Too busy for God?


Sermon for Epiphany 5 (8 February 2009)

Isaiah 40.21-31

Mark 1.29-39

Are you too busy for God? Lots of Christians are.

The Obstacles to Growth Survey was five-year study whose finding suggested that Christians worldwide are simply too busy for God. The survey collected data from over 20,000 Christians aged 15 to 88 across 139 countries. It found that on average, more than four in ten Christian people say they ‘often’ or ‘always’ rush from task to task. Busy-ness proved to be the greatest challenges in Japan, the Philippines, South Africa, the United Kingdom, Mexico and Indonesia. Christians in Uganda, Nigeria, Malaysia and Kenya were least likely to rush from task to task. But even in the less-hurried cultures, around one in three Christians report that they rush from task to task. In Japan, apparently where the busiest Christians live, 57 per cent agreed. 

I don’t know how Aussie Christians would rate, but I imagine we’d be rating pretty high. And I don’t know how accurate this survey is, but it certainly fits my impressions of the way many believers live. 

So let me ask: are you too busy for God?

Think about it. Let’s not go too quickly; let’s just stop for a while. Let’s be quiet for a couple of minutes, and really ask ourselves: Am I too busy? Too busy for God?


If you need to, talk about it quietly with a friend.

If you can, simply keep your silence before God.


The prophet Isaiah says,

Those who wait for the Lord shall renew their strength. (Isaiah 40.31)

I was a chaplain once at NCYC, the Uniting Church’s National Christian Youth Convention. A young man came to see me because he had a problem. He had got into the habit of swimming for half an hour every day after work, and it made him feel guilty. 

You see, his church taught him that we should be ready at all times to witness for Jesus, to tell others about our Saviour and Lord. His problem was that he couldn’t do that while swimming laps. 

As I spoke with him, it was clear to me that this young man was a real introvert. He got his energy back, he recharged his batteries, when he was alone. Swimming was a way to recharge, a very healthy way.

I put it to him that he could pray while he was swimming. I put it to him that what he was doing was good, that it would help him to be a better witness for Christ. He would have none of it. He would not allow himself to be healed of his burden of guilt.

The prophet Isaiah says,

Even youths will faint and be weary,
and the young will fall exhausted; 
but those who wait for the Lord 
shall renew their strength. (Isaiah 40.34-35)

When it comes to being too busy, ministers are among the worst offenders. When I go to Synod meetings, and see ministers I haven’t seen since the last Synod, the greeting is often, “’Owya goin’? Busy?” To which the only acceptable reply is “Yeah, flat out like a lizard drinkin’!” (Or is it flat out like a nun in a bath full of custard? I never know!) For years now, I have answered the question with a “No, I’m never busy.” I have received some horrified looks from fellow ministers. We ministers pride ourselves on our busy-ness: almost 2/3 of the ministers interviewed in the Obstacles to Growth Survey said busy-ness interfered with their relationship with God.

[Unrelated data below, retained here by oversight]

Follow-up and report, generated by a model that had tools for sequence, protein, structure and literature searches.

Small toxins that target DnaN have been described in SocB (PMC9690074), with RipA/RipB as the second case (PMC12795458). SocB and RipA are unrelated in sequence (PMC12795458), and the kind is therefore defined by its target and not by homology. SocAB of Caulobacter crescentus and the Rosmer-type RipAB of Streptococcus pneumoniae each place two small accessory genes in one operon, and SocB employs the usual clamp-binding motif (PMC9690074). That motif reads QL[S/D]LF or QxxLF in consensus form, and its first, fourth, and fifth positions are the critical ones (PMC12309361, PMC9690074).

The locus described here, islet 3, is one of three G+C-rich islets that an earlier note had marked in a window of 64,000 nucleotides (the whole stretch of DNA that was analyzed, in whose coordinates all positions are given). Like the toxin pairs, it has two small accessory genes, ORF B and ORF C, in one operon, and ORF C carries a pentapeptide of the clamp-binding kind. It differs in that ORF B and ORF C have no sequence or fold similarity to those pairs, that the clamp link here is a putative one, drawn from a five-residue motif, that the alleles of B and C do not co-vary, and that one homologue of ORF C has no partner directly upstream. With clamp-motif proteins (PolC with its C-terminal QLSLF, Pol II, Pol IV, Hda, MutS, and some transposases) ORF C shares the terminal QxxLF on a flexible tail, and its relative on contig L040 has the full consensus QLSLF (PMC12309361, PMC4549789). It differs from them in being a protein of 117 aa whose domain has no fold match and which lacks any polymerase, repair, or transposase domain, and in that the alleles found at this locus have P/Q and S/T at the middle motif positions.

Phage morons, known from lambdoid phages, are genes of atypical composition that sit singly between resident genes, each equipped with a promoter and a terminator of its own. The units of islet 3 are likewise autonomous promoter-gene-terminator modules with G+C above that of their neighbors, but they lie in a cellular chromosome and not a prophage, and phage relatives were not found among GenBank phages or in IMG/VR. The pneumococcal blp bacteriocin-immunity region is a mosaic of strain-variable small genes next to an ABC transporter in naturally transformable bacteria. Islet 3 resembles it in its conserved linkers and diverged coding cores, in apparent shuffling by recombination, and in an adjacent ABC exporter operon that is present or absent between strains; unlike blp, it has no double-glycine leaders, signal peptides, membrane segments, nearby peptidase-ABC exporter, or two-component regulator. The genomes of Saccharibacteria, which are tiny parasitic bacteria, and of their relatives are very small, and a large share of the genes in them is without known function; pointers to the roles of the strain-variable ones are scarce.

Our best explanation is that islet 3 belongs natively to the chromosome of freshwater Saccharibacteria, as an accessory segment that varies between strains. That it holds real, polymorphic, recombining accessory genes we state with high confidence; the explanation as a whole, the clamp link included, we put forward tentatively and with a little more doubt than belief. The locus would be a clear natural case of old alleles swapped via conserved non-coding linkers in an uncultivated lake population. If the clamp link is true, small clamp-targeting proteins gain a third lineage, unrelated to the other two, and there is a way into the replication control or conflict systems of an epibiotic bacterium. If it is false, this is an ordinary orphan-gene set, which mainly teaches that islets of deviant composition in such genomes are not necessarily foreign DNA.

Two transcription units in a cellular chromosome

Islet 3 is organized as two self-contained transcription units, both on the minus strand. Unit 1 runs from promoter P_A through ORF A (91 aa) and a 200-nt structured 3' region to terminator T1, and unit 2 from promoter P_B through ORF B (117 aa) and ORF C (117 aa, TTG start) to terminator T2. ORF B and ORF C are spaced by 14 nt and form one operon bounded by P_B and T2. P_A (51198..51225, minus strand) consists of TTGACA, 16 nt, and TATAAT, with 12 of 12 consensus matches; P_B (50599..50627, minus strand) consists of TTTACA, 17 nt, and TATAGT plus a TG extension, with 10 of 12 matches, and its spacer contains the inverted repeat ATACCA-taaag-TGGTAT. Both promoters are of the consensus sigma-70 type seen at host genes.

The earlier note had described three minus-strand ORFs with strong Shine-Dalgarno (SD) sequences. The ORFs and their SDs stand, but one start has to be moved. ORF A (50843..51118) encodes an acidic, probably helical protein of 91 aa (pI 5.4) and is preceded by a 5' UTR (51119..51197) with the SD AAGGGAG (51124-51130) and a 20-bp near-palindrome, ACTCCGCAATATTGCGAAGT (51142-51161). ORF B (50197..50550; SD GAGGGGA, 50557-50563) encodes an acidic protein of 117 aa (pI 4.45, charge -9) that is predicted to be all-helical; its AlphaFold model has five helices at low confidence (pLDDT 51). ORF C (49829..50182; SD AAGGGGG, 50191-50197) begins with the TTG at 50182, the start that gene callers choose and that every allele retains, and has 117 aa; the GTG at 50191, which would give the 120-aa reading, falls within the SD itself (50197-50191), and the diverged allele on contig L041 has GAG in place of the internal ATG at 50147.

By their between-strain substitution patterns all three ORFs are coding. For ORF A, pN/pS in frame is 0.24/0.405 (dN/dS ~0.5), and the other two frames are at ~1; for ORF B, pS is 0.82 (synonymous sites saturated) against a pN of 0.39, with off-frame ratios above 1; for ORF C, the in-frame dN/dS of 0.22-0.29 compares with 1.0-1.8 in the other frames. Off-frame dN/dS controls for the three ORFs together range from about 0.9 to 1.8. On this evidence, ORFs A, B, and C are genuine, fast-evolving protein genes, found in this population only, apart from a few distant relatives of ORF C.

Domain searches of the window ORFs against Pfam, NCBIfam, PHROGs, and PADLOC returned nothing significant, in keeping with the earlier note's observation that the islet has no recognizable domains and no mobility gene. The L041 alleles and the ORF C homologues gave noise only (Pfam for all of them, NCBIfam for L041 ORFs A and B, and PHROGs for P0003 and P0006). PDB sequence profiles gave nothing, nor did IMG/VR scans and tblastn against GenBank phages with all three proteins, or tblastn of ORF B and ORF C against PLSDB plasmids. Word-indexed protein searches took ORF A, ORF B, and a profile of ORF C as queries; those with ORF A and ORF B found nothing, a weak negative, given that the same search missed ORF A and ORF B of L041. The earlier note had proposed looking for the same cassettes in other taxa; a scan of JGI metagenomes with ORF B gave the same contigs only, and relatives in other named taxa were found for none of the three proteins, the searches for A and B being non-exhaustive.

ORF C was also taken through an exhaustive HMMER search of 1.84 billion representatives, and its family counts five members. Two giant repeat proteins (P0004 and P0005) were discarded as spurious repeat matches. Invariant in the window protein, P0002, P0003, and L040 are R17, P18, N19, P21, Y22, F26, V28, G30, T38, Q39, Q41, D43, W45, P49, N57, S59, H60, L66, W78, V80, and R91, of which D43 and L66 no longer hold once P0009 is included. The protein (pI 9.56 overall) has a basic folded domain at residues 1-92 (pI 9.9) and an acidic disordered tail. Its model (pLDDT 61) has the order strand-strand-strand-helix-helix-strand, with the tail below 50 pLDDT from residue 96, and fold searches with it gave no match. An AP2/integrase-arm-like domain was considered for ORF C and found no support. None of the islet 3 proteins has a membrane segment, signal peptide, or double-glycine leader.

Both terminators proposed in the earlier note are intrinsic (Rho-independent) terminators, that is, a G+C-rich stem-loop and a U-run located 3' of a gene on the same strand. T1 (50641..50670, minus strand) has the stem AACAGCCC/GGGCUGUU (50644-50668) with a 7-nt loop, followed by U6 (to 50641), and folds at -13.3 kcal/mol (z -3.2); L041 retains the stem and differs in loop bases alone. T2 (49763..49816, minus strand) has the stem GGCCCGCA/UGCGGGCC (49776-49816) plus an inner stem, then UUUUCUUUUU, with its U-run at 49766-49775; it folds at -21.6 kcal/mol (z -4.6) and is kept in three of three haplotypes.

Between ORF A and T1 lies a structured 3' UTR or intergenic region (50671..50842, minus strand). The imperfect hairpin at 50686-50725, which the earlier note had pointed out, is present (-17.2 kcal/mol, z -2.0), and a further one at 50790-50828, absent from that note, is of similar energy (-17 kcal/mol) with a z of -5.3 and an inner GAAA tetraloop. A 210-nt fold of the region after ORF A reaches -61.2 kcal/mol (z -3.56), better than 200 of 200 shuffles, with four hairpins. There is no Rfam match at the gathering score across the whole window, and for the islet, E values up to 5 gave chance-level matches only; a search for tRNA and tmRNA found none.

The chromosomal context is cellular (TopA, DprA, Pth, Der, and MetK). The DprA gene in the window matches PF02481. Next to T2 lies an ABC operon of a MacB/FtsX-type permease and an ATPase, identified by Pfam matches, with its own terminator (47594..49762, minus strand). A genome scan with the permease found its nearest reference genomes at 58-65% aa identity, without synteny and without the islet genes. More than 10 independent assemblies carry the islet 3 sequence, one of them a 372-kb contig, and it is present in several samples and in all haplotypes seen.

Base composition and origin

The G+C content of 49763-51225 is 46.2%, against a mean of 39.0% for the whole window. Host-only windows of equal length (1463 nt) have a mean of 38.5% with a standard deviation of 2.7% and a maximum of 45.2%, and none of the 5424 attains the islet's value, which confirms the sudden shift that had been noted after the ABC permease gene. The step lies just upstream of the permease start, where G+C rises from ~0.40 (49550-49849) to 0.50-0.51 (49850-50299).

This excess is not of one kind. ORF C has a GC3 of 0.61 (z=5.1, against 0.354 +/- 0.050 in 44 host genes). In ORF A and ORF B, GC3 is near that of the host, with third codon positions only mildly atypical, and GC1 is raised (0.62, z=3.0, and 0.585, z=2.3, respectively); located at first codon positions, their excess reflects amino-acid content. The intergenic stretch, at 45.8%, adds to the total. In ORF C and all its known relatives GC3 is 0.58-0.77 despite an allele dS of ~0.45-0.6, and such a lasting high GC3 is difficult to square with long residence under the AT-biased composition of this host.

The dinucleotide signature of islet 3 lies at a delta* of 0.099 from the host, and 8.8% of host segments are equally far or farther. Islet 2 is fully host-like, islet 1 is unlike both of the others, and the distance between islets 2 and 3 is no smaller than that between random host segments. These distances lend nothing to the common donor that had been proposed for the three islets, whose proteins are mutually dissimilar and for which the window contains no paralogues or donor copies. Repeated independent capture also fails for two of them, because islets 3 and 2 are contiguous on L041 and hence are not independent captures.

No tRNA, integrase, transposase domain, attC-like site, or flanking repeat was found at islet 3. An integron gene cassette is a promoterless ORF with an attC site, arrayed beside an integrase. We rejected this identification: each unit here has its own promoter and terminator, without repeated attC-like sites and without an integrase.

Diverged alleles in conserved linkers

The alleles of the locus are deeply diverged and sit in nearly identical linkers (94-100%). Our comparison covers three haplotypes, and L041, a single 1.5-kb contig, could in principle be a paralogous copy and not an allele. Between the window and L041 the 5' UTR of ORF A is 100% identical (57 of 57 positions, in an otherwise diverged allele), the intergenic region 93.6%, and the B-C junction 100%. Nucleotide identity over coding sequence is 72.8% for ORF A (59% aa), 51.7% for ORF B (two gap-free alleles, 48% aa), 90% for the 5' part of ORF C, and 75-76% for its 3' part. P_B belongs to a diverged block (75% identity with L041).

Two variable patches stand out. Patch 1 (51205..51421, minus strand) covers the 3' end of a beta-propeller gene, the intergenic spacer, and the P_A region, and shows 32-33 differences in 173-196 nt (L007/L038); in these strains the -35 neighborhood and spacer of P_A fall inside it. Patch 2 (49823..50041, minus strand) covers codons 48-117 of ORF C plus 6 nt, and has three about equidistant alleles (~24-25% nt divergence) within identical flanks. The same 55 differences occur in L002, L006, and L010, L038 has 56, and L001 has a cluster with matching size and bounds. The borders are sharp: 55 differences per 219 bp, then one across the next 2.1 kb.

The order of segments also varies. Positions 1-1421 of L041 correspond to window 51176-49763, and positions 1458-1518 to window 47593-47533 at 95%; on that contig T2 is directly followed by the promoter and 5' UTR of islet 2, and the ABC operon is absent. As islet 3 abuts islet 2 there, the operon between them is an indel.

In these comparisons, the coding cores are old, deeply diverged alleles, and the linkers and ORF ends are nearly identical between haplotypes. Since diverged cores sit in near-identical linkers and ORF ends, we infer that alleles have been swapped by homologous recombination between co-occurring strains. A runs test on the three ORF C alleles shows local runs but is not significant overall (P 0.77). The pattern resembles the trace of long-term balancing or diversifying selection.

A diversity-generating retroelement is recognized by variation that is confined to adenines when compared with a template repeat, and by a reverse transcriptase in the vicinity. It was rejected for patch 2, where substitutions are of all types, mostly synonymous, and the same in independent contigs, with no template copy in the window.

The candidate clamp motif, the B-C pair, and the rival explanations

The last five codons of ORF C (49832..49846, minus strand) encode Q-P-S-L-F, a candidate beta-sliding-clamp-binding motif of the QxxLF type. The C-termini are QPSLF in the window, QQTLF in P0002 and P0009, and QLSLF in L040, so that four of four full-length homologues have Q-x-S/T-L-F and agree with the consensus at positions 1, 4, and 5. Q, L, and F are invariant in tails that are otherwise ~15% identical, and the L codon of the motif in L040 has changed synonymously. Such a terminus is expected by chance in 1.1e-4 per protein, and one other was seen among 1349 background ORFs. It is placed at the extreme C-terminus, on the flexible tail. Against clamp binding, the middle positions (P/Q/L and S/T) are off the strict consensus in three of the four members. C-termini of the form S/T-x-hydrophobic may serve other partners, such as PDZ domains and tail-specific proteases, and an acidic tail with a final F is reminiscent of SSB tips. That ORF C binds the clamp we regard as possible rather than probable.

Am I telling the truth when I say I’m not busy? (I’ve got to be careful here!) Let me put it this way—I believe that busy-ness is a state of mind. I can be doing much, but if I am operating out of the gifts and passions that God has planted in me, then I am still energised by what I do. Busy-ness isn’t having lots to do; busy-ness is being overwhelmed by things, and not acknowledging the source of our life, which is in God the Holy Trinity.

The source of our life is God. God didn’t just kick your life off; God’s Spirit is sustaining you at every moment. We need to listen to God. Jesus, the eternal Son in human form, knew this. He needed to listen to his Father; he went away from others to pray. It was his spiritual practice.

I don’t believe Jesus had that busy state of mind, but nevertheless he needed time out with God. Our Gospel reading today tells us that clearly:

In the morning, while it was still very dark, he got up and went out to a deserted place, and there he prayed.

It is so sad that the young man I told you about couldn’t feel free to be alone. Even sadder that it was because of what he’d been taught in church about being a witness for Jesus.

Isaiah tells us

Those who wait for the Lord shall renew their strength. (Isaiah 40.31)

This is the promise of God to those who take time out to pray. To those who spend time with God, listening to God and speaking with God. To those who take on the spiritual practice of prayer. They shall renew their strength.